“Mommy, I know it’s a girl on TV when she has big eyelashes,” my four-year-old said confidently during a reluctant potty break from her favorite show.
She’s totally right—though men and women actually have the same eyelashes when they wake up in the morning. Girls, both cartoons and real, are portrayed on television with a signature trait: eye makeup. Even our beloved baby Margaret on Daniel Tiger’s Neighborhood has enhanced eyelashes when compared to her brother. And don’t even get me started on Elsa.
It hit me that my daughter’s first identifier of femininity was, in reality, fake.
I started thinking about all the other steps a typical woman takes, beyond what a typical man would do, just to get ready for the day. The list goes something like this: Continue reading →
I was talking about the gender wage gap with one of the professors in my Masters of Social work program last week between classes. To be there, I had arranged childcare, driven 45 minutes, paid a lot of money in tuition, and felt entirely rushed to return to my 2 and 4-year-old as soon as possible. So, every second must be extremely productive.
I’m not a great person to be friends with since I’m only on campus for class and then I dart home to help with dinner, bedtime, or begin to tackle loads of homework.
Back to the conversation with this professor: I was informing him of some reading I did on the impact of pornography on the sexualization of girls and women in society and how some argue that sexualization/ objectification is partly to blame for the gender wage gap. If you think about how women are portrayed predominantly as sex objects in all forms of media, then it makes sense that women wouldn’t be taken seriously in big decisions or for leadership roles. Objectification takes away person-hood and makes a person an object for another person’s pleasure. And nobody would make an object the CEO. Continue reading →
I’m part of an online mom’s group where we share parenting struggles. We all have 4-year-olds and there’s a trend emerging among our kids lately. They are saying things like: “You are the worst mommy ever!”, “I hate you mommy!” and “I wish Jessica was my mommy and not you”. Thanks for being so awesome, Jessica.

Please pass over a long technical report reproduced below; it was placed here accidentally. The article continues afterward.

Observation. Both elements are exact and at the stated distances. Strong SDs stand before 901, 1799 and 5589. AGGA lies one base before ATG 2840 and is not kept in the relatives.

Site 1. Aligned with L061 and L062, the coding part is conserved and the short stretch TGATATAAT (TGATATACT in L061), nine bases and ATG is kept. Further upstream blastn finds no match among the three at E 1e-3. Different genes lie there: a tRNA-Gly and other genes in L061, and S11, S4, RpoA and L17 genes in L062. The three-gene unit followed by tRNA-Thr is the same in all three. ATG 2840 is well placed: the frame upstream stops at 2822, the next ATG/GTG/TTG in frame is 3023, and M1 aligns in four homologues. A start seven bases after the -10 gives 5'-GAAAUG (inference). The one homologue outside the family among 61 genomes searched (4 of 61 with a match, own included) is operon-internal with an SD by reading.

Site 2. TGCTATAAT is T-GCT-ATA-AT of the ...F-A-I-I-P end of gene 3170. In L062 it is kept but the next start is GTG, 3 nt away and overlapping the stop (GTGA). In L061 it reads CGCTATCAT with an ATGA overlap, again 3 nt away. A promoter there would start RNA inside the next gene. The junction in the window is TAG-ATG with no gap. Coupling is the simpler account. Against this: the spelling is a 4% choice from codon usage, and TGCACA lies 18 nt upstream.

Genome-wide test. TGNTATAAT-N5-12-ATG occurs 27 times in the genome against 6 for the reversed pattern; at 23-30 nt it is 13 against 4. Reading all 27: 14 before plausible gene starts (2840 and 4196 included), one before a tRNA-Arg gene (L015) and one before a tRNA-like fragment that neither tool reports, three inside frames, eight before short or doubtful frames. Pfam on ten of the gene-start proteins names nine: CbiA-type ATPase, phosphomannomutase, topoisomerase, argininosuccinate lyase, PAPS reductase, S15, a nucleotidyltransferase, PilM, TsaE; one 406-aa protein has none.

It’s both hilarious and heartbreaking considering all that a parent does for their kid only to get verbally slapped in the face. Continue reading →
As some of you know, having a new baby is not as easy as all those sleepy newborn photos make it look. A few weeks ago I posted Tips and Tricks for Babies Part 1 and because the list was so long, I created Part 2. Here is some unsolicited advice, since you didn’t ask! Continue reading →
An attempt to record my words and thoughts for about an hour on a normal Wednesday morning.
“No you can’t eat that cereal when you’re sick it has too much sugar”. What should I do with the kids today, should I take them to that new soccer thing? But it’s kind of expensive. But I think it could be really good for my daughter to learn some soccer skills when she’s young because what she learns now will be so much more natural later. But will she even like soccer? I don’t think she likes it. Continue reading →
Being a stay at home mom, I know that there are many other moms in the same place with whom I can find camaraderie. That wouldn’t necessarily be the case for a stay at home dad. It is becoming more common for dads to stay home, but it is still counter cultural and with that I suspect come unique challenges. I reached out to one of the stay at home dads I know and asked If he could write about his experience. Here are his thoughts: Continue reading →
I was going to write about my choice to stay home mom a few years ago when it was fresh. It’s a decision many new parents struggle with. But then I got scared. What if I offended someone? It’s such a touchy topic. So the idea died, as most of my half-written drafts do (the reasons for my fears and paralysis in writing might come out in another post one day, if I’m not too scared to write it:). Continue reading →
All parents learn tricks to survive the years when their children are little… and sometimes it really does take years to get to a place where you don’t feel like you’re in panic mode every second. Or is it that you just get used to panic mode? Regardless, tricks, and not the magic kind, do help. Every parent figures out what works for their family, but sometimes those insights are transferable. Continue reading →